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With reports of bank failure hogging the headlines, a depositor needs to know about the safety of her hard-earned money

Titbits

DICGC is a wholly owned subsidiary of RBI

The ₹1 lakh insurance limit is applicable across all accounts held by an individual depositor

Check the DICGC website for a list of insured banks

With the Reserve Bank of India (RBI) cracking down on Punjab and Maharashtra Co-operative Bank (PMC Bank) last week and capping withdrawals by depositors at ₹25,000(₹1,000 initially, increased to ₹10,000 later), were you wondering what happens to depositors if banks fail in India? Here’s a refresher on how deposit insurance works.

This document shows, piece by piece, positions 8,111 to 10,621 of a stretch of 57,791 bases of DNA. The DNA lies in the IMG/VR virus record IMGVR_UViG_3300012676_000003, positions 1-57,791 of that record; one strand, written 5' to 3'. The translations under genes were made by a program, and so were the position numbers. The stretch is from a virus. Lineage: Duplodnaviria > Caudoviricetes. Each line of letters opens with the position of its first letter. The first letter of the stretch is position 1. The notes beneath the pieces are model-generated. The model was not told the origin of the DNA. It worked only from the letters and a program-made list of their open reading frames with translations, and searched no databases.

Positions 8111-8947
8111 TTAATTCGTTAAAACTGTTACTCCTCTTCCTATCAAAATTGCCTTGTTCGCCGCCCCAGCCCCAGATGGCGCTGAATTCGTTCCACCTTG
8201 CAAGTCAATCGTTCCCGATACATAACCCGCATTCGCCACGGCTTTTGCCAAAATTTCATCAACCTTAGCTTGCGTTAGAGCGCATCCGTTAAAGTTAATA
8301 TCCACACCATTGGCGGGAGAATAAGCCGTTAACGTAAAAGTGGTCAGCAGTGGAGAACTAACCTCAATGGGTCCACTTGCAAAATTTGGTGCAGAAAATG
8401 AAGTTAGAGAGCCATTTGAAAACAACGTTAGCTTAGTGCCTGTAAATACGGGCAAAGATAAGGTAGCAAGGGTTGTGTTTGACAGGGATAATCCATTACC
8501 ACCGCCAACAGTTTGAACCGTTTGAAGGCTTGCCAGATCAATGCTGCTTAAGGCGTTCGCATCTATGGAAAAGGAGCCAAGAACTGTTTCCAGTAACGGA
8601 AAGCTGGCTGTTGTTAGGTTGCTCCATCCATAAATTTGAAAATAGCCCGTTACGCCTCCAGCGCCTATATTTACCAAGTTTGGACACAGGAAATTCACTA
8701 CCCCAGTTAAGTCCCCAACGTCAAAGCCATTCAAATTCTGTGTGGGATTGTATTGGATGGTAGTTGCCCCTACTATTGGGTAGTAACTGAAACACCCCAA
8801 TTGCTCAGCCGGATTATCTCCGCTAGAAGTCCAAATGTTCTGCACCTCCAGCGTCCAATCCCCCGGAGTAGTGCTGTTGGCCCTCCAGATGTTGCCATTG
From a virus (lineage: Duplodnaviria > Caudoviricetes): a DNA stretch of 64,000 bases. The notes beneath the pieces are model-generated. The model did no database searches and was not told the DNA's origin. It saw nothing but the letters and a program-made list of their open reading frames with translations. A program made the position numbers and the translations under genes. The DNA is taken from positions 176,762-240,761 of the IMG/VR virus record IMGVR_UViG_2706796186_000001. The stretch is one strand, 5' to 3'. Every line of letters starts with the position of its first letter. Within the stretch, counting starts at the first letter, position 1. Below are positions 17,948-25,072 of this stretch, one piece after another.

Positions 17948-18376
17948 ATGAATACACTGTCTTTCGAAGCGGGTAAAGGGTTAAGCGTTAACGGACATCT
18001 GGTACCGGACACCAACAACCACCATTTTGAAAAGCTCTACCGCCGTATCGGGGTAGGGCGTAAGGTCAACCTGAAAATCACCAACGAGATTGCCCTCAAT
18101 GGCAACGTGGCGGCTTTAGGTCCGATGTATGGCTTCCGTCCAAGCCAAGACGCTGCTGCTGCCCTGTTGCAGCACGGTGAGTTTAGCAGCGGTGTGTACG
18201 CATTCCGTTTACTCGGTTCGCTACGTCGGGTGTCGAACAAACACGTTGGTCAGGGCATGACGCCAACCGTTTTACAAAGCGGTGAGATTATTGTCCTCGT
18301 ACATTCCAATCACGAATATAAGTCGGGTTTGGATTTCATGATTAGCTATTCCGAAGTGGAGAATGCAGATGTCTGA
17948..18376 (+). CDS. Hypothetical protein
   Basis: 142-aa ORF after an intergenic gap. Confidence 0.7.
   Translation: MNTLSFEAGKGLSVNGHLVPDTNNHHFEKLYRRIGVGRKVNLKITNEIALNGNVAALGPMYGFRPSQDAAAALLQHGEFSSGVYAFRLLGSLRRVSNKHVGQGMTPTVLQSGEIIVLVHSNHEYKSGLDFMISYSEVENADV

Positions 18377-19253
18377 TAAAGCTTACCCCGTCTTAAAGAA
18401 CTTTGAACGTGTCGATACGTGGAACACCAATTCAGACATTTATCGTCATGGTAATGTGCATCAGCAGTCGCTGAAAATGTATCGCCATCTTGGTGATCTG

What happens to depositors’ money when a bank fails?

When a bank is liquidated, depositors are entitled to receive an insurance amount of ₹1 lakh per individual from the Deposit Insurance and Credit Guarantee Corporation of India (DICGC). The DICGC is a wholly owned subsidiary of the RBI. The ₹1 lakh insurance limit includes both principal and interest dues across your savings bank accounts, current accounts, fixed deposits and recurring deposits held with the bank.

Are co-operative banks covered by DICGC?

Yes, deposit insurance covers all commercial banks and foreign banks operating in India, State, Central and Urban Co-operative Banks, local area banks and regional rural banks. When a bank fails to pay up the premium for deposit insurance, DICGC sometimes de-registers the bank and its insurance cover ceases. You can check the DICGC website (www.dicgc.org.in) for a list of insured banks under different categories.

What if I have many accounts in the same bank?

The ₹1 lakh insurance limit is applicable across all the accounts held by an individual depositor.